Another problem is that nobody can question Harrigan when he is sent immediately into rehab while homeless man Sherman Markey takes the blame for supplying the drugs to Harrigan.  Problem is, the lawyers and the DA know Markey is not mentally stable enough to have done this.  Then he too disappears.  Suspicion is that he has either frozen to death or been murdered. 

The battle between lawyers, Harrigan's wife, homeless advocates, the law, and politicians are only a few of the complications that you will find skillfully woven into this story. The characters step off the page to give you their version of the facts and you'll find yourself siding with one or the other of them. 

Gregor Demarkian is drawn into the case when someone asks him to visit the chief of police for help in finding Sherman Markey and what seemed a simple task quickly becomes a tangled mess. Will he ever understand what's happened? 

I'm happy to highly recommend this book to any mystery fan.  You'll be looking or other books by this imaginative and talented author.  I know I will.  You'll want to read this more than once.  Enjoy! 

 

High Priestess by David Skibbins

Publisher: St Martin's Paperbacks  ISBN 0 312 352344

Reviewed by Karen Treanor, New Mystery Reader

Ever wonder what happened to the hippies when the "Greed is Good" ethos overrode the folk-songs and tree hugging?

One of them, Warren Ritter, had the good fortune to buy into Microsoft when it
was just a twinkle in Bill Gates' eye.   You'd think that would make a man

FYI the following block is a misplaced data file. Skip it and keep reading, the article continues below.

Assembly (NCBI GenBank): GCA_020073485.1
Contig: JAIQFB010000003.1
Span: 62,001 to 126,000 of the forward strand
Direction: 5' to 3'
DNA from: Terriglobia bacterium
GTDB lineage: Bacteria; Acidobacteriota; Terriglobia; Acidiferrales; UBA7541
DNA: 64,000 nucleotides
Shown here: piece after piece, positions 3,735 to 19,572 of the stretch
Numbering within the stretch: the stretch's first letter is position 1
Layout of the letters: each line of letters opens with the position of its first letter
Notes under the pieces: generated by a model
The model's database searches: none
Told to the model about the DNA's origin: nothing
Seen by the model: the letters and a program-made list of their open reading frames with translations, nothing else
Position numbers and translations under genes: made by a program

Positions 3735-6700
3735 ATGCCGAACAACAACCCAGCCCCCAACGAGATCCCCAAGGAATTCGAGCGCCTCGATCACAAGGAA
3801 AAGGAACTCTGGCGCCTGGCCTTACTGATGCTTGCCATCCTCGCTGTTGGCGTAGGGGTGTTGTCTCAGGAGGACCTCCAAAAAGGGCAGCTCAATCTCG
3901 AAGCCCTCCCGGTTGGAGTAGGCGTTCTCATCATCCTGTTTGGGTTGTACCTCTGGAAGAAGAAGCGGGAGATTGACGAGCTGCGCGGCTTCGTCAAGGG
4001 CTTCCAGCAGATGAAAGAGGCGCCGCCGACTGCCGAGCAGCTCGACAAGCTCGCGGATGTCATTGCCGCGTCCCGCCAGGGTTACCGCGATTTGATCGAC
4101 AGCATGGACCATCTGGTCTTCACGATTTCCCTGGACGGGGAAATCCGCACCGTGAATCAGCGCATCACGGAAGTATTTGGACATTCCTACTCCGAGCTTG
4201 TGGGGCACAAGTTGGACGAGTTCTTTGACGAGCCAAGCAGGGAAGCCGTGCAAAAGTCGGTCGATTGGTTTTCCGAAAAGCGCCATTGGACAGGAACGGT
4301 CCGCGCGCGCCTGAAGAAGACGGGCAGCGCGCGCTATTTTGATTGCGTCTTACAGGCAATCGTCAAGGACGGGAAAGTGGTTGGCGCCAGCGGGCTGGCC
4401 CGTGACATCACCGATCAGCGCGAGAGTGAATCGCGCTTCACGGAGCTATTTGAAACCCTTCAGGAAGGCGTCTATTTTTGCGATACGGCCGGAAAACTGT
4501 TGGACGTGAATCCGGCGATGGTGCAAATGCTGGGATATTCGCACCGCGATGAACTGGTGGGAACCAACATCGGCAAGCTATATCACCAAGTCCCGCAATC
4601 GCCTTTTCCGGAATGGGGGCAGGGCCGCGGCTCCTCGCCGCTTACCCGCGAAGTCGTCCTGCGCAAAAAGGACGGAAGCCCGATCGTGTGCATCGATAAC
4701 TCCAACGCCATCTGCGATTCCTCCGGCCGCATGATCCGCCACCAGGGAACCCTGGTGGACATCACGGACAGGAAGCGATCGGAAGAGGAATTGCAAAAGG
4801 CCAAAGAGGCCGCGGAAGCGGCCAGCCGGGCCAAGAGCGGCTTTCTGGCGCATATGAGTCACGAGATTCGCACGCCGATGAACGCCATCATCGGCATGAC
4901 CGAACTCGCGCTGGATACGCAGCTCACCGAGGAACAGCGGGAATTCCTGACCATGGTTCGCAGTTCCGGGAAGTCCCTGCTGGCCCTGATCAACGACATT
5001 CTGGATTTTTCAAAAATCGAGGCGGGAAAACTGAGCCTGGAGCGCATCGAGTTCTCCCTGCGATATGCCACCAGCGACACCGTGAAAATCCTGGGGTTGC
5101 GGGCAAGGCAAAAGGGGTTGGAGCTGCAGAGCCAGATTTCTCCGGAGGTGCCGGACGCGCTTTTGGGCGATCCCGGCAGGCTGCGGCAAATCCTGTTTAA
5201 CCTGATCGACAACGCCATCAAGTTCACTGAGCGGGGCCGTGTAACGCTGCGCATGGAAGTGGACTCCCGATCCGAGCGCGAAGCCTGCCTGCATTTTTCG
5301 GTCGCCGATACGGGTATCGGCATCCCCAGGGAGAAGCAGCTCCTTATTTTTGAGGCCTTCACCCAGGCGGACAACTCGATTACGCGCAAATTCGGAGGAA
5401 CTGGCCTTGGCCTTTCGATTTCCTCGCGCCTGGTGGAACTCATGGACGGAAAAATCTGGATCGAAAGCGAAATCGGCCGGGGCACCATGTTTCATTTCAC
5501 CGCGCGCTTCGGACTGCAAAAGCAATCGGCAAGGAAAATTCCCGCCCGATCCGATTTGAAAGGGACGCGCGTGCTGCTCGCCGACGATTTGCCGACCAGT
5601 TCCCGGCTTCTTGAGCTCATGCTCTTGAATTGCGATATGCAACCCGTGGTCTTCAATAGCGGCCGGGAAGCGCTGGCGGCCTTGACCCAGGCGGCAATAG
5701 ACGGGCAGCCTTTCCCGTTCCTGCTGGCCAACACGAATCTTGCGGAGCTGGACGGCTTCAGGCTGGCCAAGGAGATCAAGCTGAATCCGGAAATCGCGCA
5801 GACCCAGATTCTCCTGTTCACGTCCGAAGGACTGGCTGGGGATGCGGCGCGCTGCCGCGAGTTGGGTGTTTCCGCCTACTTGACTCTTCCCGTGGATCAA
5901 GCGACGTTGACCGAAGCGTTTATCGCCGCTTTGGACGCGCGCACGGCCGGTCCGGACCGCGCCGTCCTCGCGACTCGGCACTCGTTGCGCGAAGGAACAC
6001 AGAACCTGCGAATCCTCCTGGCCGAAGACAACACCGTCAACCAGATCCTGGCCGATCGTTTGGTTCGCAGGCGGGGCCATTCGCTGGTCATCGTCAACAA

happy.  Maybe it would have, if Warren weren't a manic-depressive on the run
from a possible murder charge going back to his student days as a radical left
winger.  He spends his days reading Tarot  cards for the  gullible, and keeping
an airline bag packed and ready by his front door.  Occasionally he looks into a mystery if the reason is sufficiently compelling.

At the end of the previous book, "Eight of Swords", Warren learned that not only did he father a child back in the flower power days, but she's just made him a grandfather.  He's trying to decide if he should make contact, when an old flame turns up in connection with an investigation he's working on.   Warren starts a downward spiral into depression again.  It's not helpful that his
paraplegic lover Sally has turfed him out for lying by omission, and the the
police have decided he's the most likely person to have killed his own client.

When Warren gets a grip on himself and starts looking at the clues and thinking through all that's happened,  he comes to the conclusion that only one person could be responsible for all the deaths, and for one of the oldest of motives.  Unfortunately, a higher power than Tarot cards catches up with the killer first, leaving Warren to think up a fiendish way to get the information that will clear him with the police.

The book has one of those rare denouements that leaves you thinking that justice has been done, albeit in a convoluted way.  In fact, you might almost feel sorry for the villain--just for a moment.

Skibbins fans will be awaiting with great anticipation the promised third book
in the series.  Bets are being placed already as to which tarot card will title
the next book.  I'm thinking maybe "The Hanged Man".

 

 

 

A Garden of Vipers by Jack Kerley

Publisher: Onyx  ISBN: 0451412338

Reviewed by Stephanie Padilla, New Mystery Reader

Mobile, Alabama detectives Harry Nautilus and Carson Ryder are used to going their own way in the most interesting of cases, but this latest will leave them bewildered like never before when they grab the case of a murdered reporter.  Following what seems to be a nonsensical trail, they connect her death to a mysterious man who seems to be everywhere and nowhere at once.  But there are more killings on the way, each more brutal than the last, and they all seem to have one very wealthy and prominent family in common, a family whose dysfunction knows no bounds.  And with each new surprising turn, the danger comes even closer to Carson and those he loves, especially his girlfriend whose ties to the family go deeper than Carson could possibly dream.